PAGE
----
Whenever the upper class beckoned, the serfs had to respond. It mattered not what the circumstance was. The peasants had to drop whatever they were doing and heed to the command. Any disobedience was met with severe punishment. Perhaps the chastisement would be a brutal whipping. For more severe transgressions, a horrid death awaited as a reward. The dogs in the Lord’s castle lived a far better life. They ate better and for punishment, they were simply scolded.
Mourac scowled silently at the whole ordeal. Inside the open church doors, he viewed the ornate decorations. The fancy statues and stain glass windows spoke volumes about position and place. God, who was unseen, had this marvelous house. The peasants, who provided the realm with sustenance, had nothing. The walls of the church were lined with gold, while the peasants’ clothes did not even have pockets to hold a scant copper coin.
The priest carefully observed the crowd. Finally, he must have been satisfied that all the peasants were, indeed, in attendance. On some performances of the rituals, some of the knights searched the village to ensure that the whole population was in attendance. Gork, a very elderly man, was ill at one gathering. As such, he was physically incapable of even making the journey to the church, let alone to stand for the priest’s extensive cackling. When the good soldiers found him, they sent him away from this world with the slice of a sword. The peasants dared not raise a voice. Any such infraction of declaring cruel injustice would have resulted in a penalty equal, or worse, to Gork’s.
The priest, as so many times before, raised his arms in the air. The peasants, already still and quiet, grew into an absolute silence. The only sound in the early morning were the hushed breaths and beating hearts of the masses. The tolling of the iron bell had ceased for a moment. It would be quiet until the cleric’s sermon had finished. All the peasants prepared to suffer. More curious was the question of the identity of the fellow who had perished.
“Dearly beloved we are, indeed, full of sorrow on this morn,” the priest cried out in a pitiful wail. The crowd was in shock. The words of the ritual were exact. There was no deviation of even a single syllable from the norm. What was stunning, was that when the priest pronounced his words on this occasion, they were drenched with remorse. On usual recitals of the ritual, the words were hollow and empty.
Mourac nudged his wife Karen and looked into her eyes. The couple had been married for almost six years. In that time they had grown very close. They spent every waking moment together mostly laboring in the fields, and slept upon the same lumpy, makeshift bed. As a result, they could speak without words. ‘Here’s something new,’ signaled Mourac. ‘Indeed it is,’ replied Karen. They shared a smile.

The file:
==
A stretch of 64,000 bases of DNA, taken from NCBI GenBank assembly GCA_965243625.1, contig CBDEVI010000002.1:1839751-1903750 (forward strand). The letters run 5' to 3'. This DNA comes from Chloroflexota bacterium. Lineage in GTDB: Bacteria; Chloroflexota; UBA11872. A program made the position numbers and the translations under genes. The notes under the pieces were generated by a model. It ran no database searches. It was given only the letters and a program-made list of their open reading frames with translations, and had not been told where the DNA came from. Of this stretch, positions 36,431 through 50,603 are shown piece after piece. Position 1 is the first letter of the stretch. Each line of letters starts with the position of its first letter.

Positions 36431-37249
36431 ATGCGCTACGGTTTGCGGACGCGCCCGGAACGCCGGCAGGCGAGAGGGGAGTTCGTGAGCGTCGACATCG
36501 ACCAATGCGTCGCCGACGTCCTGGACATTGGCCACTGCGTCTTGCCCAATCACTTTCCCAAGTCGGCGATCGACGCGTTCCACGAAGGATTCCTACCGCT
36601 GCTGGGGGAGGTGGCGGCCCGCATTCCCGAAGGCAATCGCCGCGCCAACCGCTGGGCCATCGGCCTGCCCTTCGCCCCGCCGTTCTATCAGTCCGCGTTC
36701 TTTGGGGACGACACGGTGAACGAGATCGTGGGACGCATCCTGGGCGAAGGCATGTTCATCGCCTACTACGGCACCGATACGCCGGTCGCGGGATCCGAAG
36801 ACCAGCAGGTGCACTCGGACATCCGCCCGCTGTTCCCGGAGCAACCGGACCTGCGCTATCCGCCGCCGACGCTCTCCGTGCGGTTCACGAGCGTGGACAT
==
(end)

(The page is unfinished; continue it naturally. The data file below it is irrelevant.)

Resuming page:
“I am so sad to say that Lord Keison’s son, Koctor, has left the land of the living and has been carried by the angels into the bosom of Abraham.” With those words, a murmur arose from the gathered congregation. Foremost, the whole slant of the death of a slanderous sinner had been recreated as a righteous man headed to glory. To Mourac, Karen, and many others in the crowd, it just showed the hypocrisy at the core of the church. To the rest of the peasants, there is no helping some people.
The priest continued and began a tale of lament for the dearly departed child of the Lord of the land. He shed tears, real tears! Something the peasants had never experienced from the plump pastor. In fact, when he gave a eulogy for serfs, it seemed as if he had a countenance corrupted with a mocking grin of joy. As if the priest was delighted that one of the peasants was gone. Now, when it touched home, the remorse was as evident as the massive stone church building before them.
In deep respect, the peasants stood silently. Their dark faces showed little emotion as the priest espoused upon the righteousness of the departed Koctor. A smile did not emerge on the peasants’ faces, as all the wonderful things of heaven were portrayed. To the peasants, heaven sounded much like Earth, from the experience of the nobility. Finally, after a long, laborious sermon, the final ‘amen’ of the last prayer was uttered. The assembly was dismissed to go into the fields and earn their living.
As one body, the peasants turned back to whence they came. Once more came the tolling of the iron bell. For once, Mourac, Karen, and many others heard a song of joy.